Philip Massey, Lowell Observatory
Georges Meynet, Geneva Observatory
< strong>Maryam Modjaz*, New York University
Alicia Soderberg, Harvard University

Long-duration gamma-ray bursts (LGRBs), associated with the core-collapse deaths of unusual massive stars, are the fleeting signatures of extraordinarily high-energy events occurring throughout our universe. These phenomena hold enormous promise as cosmological tools, but the full potential of LGRBs cannot be realized without first gaining a thorough understanding of their massive stellar progenitors. Recent advances in the massive star community on binarity, mass loss, and the effects of metallicity are all critical to current debates surrounding the nature of LGRB progenitors. Simultaneously, new results in the LGRB community have yielded important insights into the physical properties, environmental dependences, and interior structures of the most extreme massive stars. However, the study of massive stellar evolution and the study of LGRBs have long been seen as separate pursuits within astronomy, with only limited communication between the two subfields. This multi-disciplinary workshop will bring together leaders in these complementary disciplines, offering an opportunity for participants to exchange expertise, share recent results, and consider the most pressing current questions that will shape the future of LGRB and massive star research for years to come.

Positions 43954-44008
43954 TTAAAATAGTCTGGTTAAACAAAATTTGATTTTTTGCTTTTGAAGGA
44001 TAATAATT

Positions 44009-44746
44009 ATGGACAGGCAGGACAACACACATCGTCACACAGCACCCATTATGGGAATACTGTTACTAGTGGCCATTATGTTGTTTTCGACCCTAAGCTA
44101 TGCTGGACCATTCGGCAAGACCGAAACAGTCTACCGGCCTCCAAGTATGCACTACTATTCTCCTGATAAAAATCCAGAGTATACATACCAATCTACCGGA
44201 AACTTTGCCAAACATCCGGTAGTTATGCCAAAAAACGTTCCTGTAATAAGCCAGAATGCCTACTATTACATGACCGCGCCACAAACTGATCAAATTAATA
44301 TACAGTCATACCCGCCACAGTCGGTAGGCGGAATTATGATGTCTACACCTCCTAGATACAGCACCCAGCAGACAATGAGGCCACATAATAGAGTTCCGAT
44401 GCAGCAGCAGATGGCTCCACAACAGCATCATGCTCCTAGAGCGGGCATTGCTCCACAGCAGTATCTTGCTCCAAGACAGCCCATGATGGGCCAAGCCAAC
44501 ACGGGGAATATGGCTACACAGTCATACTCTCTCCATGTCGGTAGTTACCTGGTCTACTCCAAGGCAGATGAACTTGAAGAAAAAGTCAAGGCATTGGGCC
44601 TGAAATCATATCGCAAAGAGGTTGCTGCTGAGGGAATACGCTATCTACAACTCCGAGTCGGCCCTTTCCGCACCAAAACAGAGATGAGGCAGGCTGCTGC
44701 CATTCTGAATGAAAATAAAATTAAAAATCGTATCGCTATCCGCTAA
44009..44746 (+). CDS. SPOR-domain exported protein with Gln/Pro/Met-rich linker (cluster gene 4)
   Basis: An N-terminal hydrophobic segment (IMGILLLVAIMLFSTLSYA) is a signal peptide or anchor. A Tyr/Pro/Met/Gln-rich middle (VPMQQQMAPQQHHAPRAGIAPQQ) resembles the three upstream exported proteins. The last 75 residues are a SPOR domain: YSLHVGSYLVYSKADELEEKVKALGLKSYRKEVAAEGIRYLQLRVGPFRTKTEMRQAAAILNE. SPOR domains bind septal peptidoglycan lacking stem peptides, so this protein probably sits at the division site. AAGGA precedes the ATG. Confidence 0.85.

July 1 - July 22
Exact Results in Gauge Theory and their Applications
Christopher Herzog, Princeton University
Daniel Jafferis*, Harvard University
Anton Kapustin, Caltech
Igor Klebanov, Princeton University